Dale – A meeting of the PRR and Indianapolis Belt

Around the near center of Indianapolis is the Indianapolis Belt Railway. It never actually made it completely around the city, but it did make it enough to serve almost every major outlying industry in it. Today I want to focus on one part of the railroad…and one junction in particular: Dale.

Dale is located between Madison Avenue and East Streets, just south of Beecher. Visiting the junction is quite easy, as one could literally walk right up to it. It is still legally trespassing, so I recommend you do it at your own peril.

1875 Map of the junction of the Indianapolis Belt Railway and the Jeffersonville, Madison & Indianapolis Railroad.

Dale junction is where the Indianapolis Belt meets the old Madison & Indianapolis. When the Belt was originally being constructed, Dale was the end of the line. The Belt came from the west, dead ending at the Belt just east of the old Madison State Road. Construction past this point, and to be honest the majority of the Indianapolis Belt Railway, began in 1876 heading east from Dale. Connections to the Madison went both ways from the Belt.

With the completion of the Belt east of the Madison, the two tracks connecting to the Belt heading west fell more or less into disuse. Most maps I have seen show the connections running east, both north and south of the Belt most of the time. The western connections vary. Some have the northwestern connection, some have the southwestern connection. Very few have both at the same time. And, hence, very few maps I have seen show all four connections in place.

1889 Map of the junction of the Indianapolis Belt Railway and the Jeffersonville, Madison & Indianapolis Railroad.

By the time the first aerial photos are available, in 1937, the northwest corner of Dale no longer contained any connection tracks. It is hard to tell in the southwestern connection track was in place. It does, however, look like if it wasn’t in place, it hadn’t been gone for long. Also apparent in the 1937 aerial is the concentration of industrial tracks entering the Stokely plant that was at the Belt and East Street. This factory would go on to be the Gatorade Bottling plant, before it was moved in the late 1990’s – early 2000’s.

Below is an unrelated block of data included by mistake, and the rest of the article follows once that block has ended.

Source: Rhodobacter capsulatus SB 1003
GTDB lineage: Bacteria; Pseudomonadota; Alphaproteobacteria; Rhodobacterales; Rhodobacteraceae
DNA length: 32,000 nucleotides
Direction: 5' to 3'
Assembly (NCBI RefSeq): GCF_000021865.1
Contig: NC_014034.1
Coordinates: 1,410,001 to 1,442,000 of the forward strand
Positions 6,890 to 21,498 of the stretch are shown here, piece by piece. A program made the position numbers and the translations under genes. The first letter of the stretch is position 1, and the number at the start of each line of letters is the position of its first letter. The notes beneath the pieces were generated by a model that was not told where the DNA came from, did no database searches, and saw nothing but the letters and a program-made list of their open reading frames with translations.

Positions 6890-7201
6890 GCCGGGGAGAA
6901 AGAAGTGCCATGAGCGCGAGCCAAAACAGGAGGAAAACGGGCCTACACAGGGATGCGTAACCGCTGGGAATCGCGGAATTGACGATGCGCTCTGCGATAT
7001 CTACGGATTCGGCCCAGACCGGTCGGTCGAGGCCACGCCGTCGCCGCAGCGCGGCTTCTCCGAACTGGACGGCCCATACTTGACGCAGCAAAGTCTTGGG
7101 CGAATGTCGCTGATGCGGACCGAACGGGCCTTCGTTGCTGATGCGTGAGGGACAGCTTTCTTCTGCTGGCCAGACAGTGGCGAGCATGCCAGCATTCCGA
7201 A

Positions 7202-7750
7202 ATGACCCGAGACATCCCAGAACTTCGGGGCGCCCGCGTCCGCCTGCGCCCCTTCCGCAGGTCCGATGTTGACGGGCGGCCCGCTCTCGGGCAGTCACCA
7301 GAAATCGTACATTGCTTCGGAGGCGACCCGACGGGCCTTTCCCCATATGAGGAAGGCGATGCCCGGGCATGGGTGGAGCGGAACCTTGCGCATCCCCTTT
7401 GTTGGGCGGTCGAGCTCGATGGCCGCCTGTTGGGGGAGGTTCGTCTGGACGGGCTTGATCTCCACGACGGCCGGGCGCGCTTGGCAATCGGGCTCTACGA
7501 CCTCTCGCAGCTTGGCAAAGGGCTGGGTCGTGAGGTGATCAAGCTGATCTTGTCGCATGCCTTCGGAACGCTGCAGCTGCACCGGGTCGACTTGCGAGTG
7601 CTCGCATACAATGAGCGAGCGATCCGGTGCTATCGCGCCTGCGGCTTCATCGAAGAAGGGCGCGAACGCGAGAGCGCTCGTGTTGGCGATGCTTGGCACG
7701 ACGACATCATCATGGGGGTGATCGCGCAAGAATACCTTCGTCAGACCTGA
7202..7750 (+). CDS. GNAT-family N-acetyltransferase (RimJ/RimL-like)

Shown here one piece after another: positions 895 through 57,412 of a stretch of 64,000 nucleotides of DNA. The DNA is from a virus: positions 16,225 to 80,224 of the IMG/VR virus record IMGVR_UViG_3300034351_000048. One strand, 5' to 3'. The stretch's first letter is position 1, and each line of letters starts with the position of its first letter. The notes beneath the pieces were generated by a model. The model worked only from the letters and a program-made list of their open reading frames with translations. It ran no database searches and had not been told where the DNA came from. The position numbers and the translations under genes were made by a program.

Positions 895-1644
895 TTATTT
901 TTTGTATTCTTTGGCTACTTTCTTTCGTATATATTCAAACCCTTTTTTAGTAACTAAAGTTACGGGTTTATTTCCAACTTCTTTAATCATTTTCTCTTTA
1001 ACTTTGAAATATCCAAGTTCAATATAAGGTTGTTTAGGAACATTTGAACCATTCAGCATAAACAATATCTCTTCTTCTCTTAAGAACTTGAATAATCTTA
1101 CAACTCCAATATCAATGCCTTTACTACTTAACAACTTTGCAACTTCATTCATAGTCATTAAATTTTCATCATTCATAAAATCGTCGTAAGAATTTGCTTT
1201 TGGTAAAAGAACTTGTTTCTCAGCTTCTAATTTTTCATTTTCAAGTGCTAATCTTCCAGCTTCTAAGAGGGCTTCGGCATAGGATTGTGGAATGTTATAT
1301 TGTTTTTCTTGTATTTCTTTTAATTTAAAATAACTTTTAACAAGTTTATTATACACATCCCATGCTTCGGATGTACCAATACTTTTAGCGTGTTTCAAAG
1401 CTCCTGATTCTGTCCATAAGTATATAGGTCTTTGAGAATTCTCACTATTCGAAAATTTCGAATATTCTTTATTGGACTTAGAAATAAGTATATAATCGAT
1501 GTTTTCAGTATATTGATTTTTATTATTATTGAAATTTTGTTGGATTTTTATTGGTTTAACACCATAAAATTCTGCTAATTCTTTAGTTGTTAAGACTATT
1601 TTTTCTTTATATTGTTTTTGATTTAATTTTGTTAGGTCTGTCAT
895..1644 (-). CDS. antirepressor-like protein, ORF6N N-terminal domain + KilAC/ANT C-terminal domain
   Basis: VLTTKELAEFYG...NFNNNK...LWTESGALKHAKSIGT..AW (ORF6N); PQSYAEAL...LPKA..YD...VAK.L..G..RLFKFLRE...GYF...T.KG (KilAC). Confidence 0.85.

1937 aerial photograph from MapIndy showing the junction of the Indianapolis Belt and the Pennsylvania Railroad.

The northwestern connection track would never be put back in place. A factory was built in that section of the right of way, coming really close to both sets of tracks. The southwestern connection track kept coming and going. In 1941, it looks to be there, but the resolution isn’t the greatest. In 1956, it is mostly there…but again, with the resolution, it is hard to tell. That section of the map is unavailable in 1962. But it is in place in 1972, as shown below.

1972 aerial photograph from MapIndy showing the junction of the Indianapolis Belt (owned completely by the crossing railroad) and the Penn Central Railroad.

The southwestern connection track would finally be permanently removed sometime before 1978, probably under Conrail. The question that comes up when discussing this is: why not connect all the tracks in all directions? From what I can tell, there are two answers to that question. First, is, honestly, why connect them in all four directions. Train movements can be made, as long as the track isn’t overly busy, in all four directions using just two connecting tracks. Going west simply required some backing movements.

Second, tax purposes. For the longest time, railroads were getting hit really hard for property taxes across the United States. It was no different in Indiana. Some locations were jacking up the assessed value of the railroad rights of way, or, most often, charging much higher rates for those rights of way. Eliminating some of them cut taxes for the railroad quite a bit.

Sometime between 1979 and 1986, the Belt Railway was single tracked through the Dale crossing. It remains that way to this day. It does make for some interesting stories at times. One time, in 2000 or 2001, I was standing at the East Street crossing of the Belt watching trains. Two of them as a matter of fact. One was heading westbound on the Belt, just east of East Street. One was going eastbound, sitting in the middle of Dale crossing. I didn’t stay to see which of the long trains won that argument, as it was late at night, and I was tired.

One thought on “Dale – A meeting of the PRR and Indianapolis Belt

  1. Interesting! Thank you – my husband was a “Telephone Operator/Switch Tender” on the Belt Railroad when I first met him in Indianapolis in 1973. Eventually the Belt was taken over by Conrail & he left that job in early 1980 when we moved to Las Vegas.


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